Interviewing well for a job doesn’t take real magic. But as every recruiter knows, what it really takes is a method. Knowing that method can make or break your chances of landing your next gig, because too many job seekers forget that if they’re interviewing, they aren’t the only one that employer has lined up as an option. Most companies have at least five candidates interview for every open position, what recruiters refer to as a “slate.”
Those slates feature candidates who often look more or less the same on paper, with essentially equivalent experience and expertise. That’s why getting that offer comes down to two essential characteristics: personality and preparation.
The bad news is, you can’t really do much about personality – except maybe fake it, but that never fools anyone). The good news, however, is that with the right preparation, job seekers can stand out from the rest of the slate and overtake the competition when it comes to getting an offer.
Sure, we’ve all heard the conventional wisdom about how to approach an interview. You know those old cliches from countless career coaches, career advice columns and plain common sense: practice by role playing in a mirror or with a coach; research the company to learn about their business culture and bottom line; show up on time (or even a few minutes early); dress professionally to create a good impression; always send a thank you note.
Those interview tips are all accurate, of course, but the problem about conventional wisdom (and conventions) is that everyone else on that slate is fundamentally approaching the interview by preparing the same way – and that means often, no one really stands out. This means that interviews often don’t help candidates get jobs, since they merely reinforce what’s already on your resume – they really serve to screen people out.
3 Interview Tips for Standing Out From the Chorus Line
But there are some unconventional, little known secrets that can turn the interview from candidate confirmation bias into a competitive advantage that can give job seekers the edge over the competition vying for the same position.
Wear the Right Color
Career Builder, one of the largest online employment websites, commissioned a national survey in 2013 of hiring managers and human resource professionals asking about the best colors for job seekers to wear to interviews.
Survey participants said conservative colors like black, blue, gray, and brown all conveyed beneficial business attributes such as leadership, being a team player, being logical, and being dependable, respectively. Red conveyed power. Other colors like green, yellow, and orange conveyed a sense of creativity.
Match your interview outfit to the type of job you are interviewing for to show that you are a good fit. Jobs in more conservative industries like accounting and insurance call for colors like gray or brown. Management jobs call for black or red. And if you are trying to get a position in a creative industry, other colors like those mentioned above tell your interviewer you are the right candidate for the job.
Get There First
Science Daily reports that first impressions matter more than the facts that follow. A study conducted by the University of California Berkeley Haas School of Business found that people consistently choose options that are presented first. The study included experiments in which participants were asked to report their preferences of multiple offerings, and the findings were that first options were consistently preferred or perceived as better.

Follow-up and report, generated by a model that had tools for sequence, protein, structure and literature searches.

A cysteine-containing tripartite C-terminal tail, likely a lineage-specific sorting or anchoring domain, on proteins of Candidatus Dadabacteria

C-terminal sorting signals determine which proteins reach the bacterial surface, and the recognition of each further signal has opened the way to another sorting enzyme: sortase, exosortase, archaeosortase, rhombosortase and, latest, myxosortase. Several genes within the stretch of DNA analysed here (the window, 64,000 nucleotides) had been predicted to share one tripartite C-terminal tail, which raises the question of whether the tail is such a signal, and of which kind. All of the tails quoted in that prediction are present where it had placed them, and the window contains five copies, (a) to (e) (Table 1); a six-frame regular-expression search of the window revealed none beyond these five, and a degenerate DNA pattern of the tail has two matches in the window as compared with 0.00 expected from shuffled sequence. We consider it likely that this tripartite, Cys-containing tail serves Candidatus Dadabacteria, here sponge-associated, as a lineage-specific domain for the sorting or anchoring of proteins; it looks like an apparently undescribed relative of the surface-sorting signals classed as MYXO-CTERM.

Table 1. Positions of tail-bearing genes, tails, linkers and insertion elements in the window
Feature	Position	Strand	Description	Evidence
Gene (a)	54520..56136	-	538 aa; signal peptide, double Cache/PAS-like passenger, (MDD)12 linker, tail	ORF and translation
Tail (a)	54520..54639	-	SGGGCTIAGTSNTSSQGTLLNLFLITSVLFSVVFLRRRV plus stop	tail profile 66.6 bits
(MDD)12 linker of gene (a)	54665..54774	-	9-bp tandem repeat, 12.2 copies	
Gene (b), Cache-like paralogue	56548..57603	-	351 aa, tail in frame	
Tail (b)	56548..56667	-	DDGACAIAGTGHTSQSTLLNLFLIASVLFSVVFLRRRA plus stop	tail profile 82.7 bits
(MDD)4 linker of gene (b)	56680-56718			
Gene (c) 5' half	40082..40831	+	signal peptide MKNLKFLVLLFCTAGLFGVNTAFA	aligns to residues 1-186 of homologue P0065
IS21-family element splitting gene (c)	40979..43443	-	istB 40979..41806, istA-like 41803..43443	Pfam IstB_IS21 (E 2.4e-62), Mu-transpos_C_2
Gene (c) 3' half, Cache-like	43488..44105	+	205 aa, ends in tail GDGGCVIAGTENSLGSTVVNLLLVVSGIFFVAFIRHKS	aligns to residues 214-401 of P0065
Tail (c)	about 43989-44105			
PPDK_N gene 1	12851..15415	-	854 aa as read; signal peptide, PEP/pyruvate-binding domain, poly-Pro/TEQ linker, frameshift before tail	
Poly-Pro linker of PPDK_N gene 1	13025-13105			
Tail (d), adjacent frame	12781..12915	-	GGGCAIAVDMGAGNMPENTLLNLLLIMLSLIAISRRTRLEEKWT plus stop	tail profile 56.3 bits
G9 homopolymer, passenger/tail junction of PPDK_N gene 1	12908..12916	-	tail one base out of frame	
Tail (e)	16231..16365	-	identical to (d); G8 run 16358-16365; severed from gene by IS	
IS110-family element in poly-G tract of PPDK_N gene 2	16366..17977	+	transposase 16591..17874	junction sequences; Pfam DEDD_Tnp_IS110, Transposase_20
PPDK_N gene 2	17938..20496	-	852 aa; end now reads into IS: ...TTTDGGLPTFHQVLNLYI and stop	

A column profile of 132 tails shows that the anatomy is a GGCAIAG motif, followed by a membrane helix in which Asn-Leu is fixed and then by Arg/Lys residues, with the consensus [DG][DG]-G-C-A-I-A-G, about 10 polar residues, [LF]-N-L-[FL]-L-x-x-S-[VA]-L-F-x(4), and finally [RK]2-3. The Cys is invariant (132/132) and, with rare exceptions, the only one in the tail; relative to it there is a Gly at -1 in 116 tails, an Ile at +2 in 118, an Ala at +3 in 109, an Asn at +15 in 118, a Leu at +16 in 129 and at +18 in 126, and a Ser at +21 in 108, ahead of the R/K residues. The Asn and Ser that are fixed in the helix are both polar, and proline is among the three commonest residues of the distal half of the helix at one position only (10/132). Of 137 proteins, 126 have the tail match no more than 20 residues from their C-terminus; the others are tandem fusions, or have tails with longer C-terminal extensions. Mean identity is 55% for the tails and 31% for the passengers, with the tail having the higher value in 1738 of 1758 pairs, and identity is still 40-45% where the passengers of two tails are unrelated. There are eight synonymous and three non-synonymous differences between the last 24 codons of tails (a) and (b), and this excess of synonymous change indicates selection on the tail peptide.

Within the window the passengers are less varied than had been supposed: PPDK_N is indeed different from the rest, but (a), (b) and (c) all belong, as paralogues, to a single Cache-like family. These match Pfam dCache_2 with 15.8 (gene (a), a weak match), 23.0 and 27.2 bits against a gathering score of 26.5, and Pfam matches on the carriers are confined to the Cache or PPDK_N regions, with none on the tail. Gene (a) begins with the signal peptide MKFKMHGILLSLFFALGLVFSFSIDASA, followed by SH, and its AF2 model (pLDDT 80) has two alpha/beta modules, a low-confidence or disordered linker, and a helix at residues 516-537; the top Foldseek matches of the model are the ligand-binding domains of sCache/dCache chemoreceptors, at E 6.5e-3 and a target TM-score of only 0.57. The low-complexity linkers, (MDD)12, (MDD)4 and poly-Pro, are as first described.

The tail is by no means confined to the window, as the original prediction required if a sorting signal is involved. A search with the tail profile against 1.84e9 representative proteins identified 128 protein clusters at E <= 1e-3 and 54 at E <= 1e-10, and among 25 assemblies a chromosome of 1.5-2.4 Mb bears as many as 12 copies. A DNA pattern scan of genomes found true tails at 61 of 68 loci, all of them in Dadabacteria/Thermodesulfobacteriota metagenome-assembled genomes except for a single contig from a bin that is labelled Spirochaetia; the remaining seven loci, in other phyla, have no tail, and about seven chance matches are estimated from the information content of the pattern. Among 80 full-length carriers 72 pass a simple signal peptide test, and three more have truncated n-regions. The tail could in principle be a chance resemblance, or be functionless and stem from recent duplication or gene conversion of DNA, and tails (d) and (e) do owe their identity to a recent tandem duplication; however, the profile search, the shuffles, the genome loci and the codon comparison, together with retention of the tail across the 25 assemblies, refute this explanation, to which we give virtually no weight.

Being the first interview of the day or week will give you an advantage over other candidates. The authors suggest that first encounters have benefits across a wide variety of settings including sales and marketing. In job search, you’re marketing your skills and experience, which may be similar to many other candidates. Why not get the “first is best” advantage with an early interview?
Look Smarter and Taller
Perception is important. When you’re up against a room full of qualified candidates with the same or similar skills and experience, the appearance of being better dressed, more professional, or smarter can mean the difference between going home or going to work.
The Telegraph cites research by the British College of Optometrists that found that British adults think glasses make people look professional and more intelligent. Almost half of those studied said they’d wear glasses with clear lenses, placebo glasses, to improve their chances of getting a job.
Although doctors like Lancaster University Professor of Organisational Psychology’s Cary Cooper say this perception of glasses indicating intelligence is based on an old stereotype that poor eyesight is due to reading a lot, it’s the perception of intelligence that has an influence on people.
While you’re putting on those placebo glasses to look smarter for your interview, you might want to wear shoes that make you look taller too. A study of data from the Household, Income and Labour Dynamics in Australia found that taller people earn more money. So it might be worth suffering those stilettos during that interview to score the job that might change your quality of life and your overall career prospects. No pressure or anything.
Besides, if you’re not particularly tall, have 20/20 vision, have the hygiene of a hobo and are completely color blind, you might not get that job, but don’t worry. You can always become a blogger.
Trust me on this one.